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Letters at Length December 12

Nudity in Ashland

Contrary to urban legend, I have never been nude in public. Furthermore, it is not even on my bucket list. But I am disappointed that Ashland is leaving behind its edgy past with a ban on nudity. The mayor and School Board say they are protecting the children. But the evidence is that children are not harmed by casual nudity. Let's be frank and admit that it is the adults who are using children as an excuse for their own shame and uptight moral values.

I raised my children in Ashland and would have had no problem if they encountered naked people on the street. Zoe Abel, a young Ashland parent, expressed a similar lack of concern in her wonderful Tidings column (Nov. 9 "Baring my soul"). Others have said in e-mail to the council and in print that they don't want their children "protected" in this way. There are lots of us.

Here is a little story about nudity in Ashland. About two years ago on a warm First Friday art walk evening, I was heading down A Street and saw a friend down the block. As I approached, I noticed there were two people standing nearby in their all together. They were a middle-aged man and woman wearing only a few strokes of body paint and displaying their public street theater art in a very personal way. Just average folks, not particularly movie star physiques or anything like that. Not that I was staring. Gracious no. I'm not like that! Anyway, they seemed to fit right in among the art walk people strolling along and paying little heed to my friend's naked visitors. It made me chuckle, and I was proud just then to be from Ashland, where such unconventional harmless behavior was legal and pretty much OK with everyone.

But now our City Council doesn't want such artistic freedom of expression in Ashland any more. Those two folks would be made to cover up or else they would be wrestled to the ground and handcuffed and sent to the county jail for the night. Sadly, Ashland is the lesser for such legislated family values imposed on all of us in this arts and theater town. That is something really to be ashamed of.

Paul Copeland


Inspired interfaith

This past Sunday afternoon and evening, the First United Methodist Church of Ashland hosted a truly inspired, uplifting interfaith holiday concert. The sanctuary was packed, and the choirs sang songs and lovely chants, often welcoming audience participation, especially with the Shabbat Shirah Band led by David Young from the Temple Emek Shalom. We joined in with "Teach Me to Treasure Each Day," and some soulfully played and sung carols by Michael Mish. The music was joyful, contemplative, sometimes traditional, sometimes contemporary and absolutely relevant to today's world, where the yearning for peace moves many of us to tears when there remains so much heartache, bloodshed and suffering for many caught in the horrors of war.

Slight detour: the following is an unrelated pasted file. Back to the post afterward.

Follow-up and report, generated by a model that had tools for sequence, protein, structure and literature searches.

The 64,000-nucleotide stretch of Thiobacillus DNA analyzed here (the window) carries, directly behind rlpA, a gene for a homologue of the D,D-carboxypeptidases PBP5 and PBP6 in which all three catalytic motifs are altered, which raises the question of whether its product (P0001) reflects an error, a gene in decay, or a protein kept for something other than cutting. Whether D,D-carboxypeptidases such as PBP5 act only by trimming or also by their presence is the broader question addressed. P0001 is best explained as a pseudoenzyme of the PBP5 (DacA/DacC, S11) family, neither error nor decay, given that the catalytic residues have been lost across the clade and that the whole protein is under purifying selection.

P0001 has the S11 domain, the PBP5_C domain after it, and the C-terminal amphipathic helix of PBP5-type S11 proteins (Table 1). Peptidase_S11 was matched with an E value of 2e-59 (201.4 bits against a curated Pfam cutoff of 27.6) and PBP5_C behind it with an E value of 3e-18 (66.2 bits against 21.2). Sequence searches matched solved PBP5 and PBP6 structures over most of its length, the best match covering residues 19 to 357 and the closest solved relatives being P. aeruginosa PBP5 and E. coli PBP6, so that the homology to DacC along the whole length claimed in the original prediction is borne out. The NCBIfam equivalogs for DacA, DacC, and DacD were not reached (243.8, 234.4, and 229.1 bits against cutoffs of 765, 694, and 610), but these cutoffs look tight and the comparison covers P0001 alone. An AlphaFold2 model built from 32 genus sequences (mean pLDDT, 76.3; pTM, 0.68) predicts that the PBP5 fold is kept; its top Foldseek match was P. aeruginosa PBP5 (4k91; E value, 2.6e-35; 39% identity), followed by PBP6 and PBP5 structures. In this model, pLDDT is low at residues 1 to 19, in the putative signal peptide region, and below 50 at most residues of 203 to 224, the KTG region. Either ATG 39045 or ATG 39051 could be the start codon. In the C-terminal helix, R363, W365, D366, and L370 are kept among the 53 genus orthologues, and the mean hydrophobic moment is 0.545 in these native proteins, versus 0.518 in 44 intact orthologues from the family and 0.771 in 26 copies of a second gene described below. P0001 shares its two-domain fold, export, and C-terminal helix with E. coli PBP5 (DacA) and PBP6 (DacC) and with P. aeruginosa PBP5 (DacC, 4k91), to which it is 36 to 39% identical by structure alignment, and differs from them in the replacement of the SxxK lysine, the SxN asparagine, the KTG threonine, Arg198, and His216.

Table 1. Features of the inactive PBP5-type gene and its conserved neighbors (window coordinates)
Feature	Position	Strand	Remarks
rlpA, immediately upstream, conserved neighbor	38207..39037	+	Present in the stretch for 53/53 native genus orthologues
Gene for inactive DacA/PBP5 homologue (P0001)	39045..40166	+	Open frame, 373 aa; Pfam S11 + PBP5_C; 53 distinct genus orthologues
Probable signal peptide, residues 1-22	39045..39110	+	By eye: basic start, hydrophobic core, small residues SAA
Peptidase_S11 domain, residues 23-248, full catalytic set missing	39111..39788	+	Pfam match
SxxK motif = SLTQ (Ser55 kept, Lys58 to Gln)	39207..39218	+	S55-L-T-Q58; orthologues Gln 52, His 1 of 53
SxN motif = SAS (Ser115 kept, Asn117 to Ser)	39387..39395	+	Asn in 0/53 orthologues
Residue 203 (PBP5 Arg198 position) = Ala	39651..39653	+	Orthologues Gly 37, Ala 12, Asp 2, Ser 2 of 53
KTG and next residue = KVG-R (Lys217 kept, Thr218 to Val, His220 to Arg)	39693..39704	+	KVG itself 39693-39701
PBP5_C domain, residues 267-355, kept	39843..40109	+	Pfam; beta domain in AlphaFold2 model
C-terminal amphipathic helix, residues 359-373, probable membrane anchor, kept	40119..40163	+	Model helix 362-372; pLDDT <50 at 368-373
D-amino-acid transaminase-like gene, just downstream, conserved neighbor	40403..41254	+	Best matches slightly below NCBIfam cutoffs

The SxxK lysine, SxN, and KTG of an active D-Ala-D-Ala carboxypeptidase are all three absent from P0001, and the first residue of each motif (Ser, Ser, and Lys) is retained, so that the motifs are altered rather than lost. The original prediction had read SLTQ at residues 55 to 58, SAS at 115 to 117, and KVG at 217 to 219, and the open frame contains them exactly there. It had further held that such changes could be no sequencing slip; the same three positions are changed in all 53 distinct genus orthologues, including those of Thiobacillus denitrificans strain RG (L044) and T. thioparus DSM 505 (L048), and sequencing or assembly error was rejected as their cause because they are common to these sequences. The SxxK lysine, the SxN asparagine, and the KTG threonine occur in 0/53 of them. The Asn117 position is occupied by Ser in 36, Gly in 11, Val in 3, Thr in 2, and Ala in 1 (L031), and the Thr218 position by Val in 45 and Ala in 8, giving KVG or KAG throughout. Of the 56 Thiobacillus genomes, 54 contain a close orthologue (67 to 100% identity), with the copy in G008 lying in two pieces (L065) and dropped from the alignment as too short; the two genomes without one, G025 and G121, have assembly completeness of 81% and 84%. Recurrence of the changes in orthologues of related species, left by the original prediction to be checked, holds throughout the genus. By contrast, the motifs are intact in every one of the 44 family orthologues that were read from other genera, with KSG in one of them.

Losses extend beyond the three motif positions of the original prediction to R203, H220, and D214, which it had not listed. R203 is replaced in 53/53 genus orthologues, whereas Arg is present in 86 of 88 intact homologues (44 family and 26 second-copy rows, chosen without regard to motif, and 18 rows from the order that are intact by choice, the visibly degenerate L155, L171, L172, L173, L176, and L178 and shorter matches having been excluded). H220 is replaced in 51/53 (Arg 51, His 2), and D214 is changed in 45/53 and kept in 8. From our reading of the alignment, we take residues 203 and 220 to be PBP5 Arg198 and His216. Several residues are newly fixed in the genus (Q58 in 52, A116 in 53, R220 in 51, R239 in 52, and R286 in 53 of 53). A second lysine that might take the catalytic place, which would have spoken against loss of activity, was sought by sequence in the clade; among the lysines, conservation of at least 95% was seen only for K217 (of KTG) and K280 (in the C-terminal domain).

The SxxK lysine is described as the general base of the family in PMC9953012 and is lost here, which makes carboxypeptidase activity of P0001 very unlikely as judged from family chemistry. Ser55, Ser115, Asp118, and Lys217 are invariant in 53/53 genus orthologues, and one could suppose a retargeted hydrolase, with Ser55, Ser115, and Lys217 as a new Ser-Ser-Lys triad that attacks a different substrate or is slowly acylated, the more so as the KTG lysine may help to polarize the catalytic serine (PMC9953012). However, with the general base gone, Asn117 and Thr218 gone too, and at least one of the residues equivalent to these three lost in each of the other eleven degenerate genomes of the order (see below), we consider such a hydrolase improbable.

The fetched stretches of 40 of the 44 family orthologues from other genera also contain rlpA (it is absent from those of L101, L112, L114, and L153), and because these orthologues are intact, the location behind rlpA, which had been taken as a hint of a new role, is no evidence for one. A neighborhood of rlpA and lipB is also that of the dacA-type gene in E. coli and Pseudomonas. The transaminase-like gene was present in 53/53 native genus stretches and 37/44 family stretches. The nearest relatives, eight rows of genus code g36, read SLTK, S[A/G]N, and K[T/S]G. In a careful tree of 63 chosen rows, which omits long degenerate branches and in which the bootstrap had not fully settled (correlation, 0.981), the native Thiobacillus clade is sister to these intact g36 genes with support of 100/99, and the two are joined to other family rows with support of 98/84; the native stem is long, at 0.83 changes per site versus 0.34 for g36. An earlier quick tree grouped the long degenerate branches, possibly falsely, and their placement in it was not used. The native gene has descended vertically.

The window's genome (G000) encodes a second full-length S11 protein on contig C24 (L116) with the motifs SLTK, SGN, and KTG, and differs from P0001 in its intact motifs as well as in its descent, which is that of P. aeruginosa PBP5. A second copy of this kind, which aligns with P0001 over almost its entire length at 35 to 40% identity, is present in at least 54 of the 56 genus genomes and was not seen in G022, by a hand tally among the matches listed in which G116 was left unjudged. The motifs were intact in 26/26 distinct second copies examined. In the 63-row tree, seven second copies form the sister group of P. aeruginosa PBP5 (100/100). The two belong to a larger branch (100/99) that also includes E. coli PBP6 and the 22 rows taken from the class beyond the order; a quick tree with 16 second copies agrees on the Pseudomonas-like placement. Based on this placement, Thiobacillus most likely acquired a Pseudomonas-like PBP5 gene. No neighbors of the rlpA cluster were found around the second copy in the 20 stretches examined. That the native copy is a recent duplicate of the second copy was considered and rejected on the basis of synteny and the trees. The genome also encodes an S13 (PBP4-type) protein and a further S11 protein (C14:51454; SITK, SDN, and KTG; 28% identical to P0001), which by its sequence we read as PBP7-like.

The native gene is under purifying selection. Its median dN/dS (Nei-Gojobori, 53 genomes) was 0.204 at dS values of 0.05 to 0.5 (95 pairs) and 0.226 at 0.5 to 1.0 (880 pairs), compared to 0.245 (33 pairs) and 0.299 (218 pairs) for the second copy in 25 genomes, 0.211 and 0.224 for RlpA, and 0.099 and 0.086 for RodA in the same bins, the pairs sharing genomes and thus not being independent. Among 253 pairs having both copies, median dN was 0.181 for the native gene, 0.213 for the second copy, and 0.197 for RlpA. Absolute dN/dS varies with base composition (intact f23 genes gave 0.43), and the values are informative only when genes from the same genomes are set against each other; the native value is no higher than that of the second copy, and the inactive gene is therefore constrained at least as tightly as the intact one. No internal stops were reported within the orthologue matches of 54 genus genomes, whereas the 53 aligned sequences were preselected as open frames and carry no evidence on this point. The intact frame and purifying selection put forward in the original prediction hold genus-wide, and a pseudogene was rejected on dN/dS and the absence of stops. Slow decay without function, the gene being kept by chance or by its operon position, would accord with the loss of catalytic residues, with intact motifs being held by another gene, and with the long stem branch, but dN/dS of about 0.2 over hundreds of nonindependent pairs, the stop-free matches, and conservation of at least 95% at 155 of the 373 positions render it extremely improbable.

Michael sang and played an eloquent song about bombing the Afghans, this time with blankets, pillows, books to feed their minds and rice to feed starving bodies, showering them with trust and nurturance from above instead of bombs. Dave Marston would have jumped for joy!

Music from six Ashland choirs filled us with gratitude, warmth and good cheer. The final song of peace bathed us in healing sound as all the choirs encircled the audience, with Jennifer Schloming directing from the center of the sanctuary. Truly we went out in joy, filled with awe and wonder, and the welcome invitation to share a communal meal prepared by the Methodist Youth Group: tummy- warming soups, rolls and brownies. For the child in all of us, there were craft-making activities after dinner, part of the Advent festival where we could decorate Christmas lightbulbs, make graham cracker "gingerbread" houses, use CDs as a base for a candle holder with pinecone decor, or make origami ornaments.

The concert, meal and crafts open to the whole community were a wonderful advent to the best of the non-commercial holiday spirit, a great lesson about real values for all who were lucky enough to attend this interfaith gathering. What a blessing to live where churches gather to celebrate like this!

Carol Browning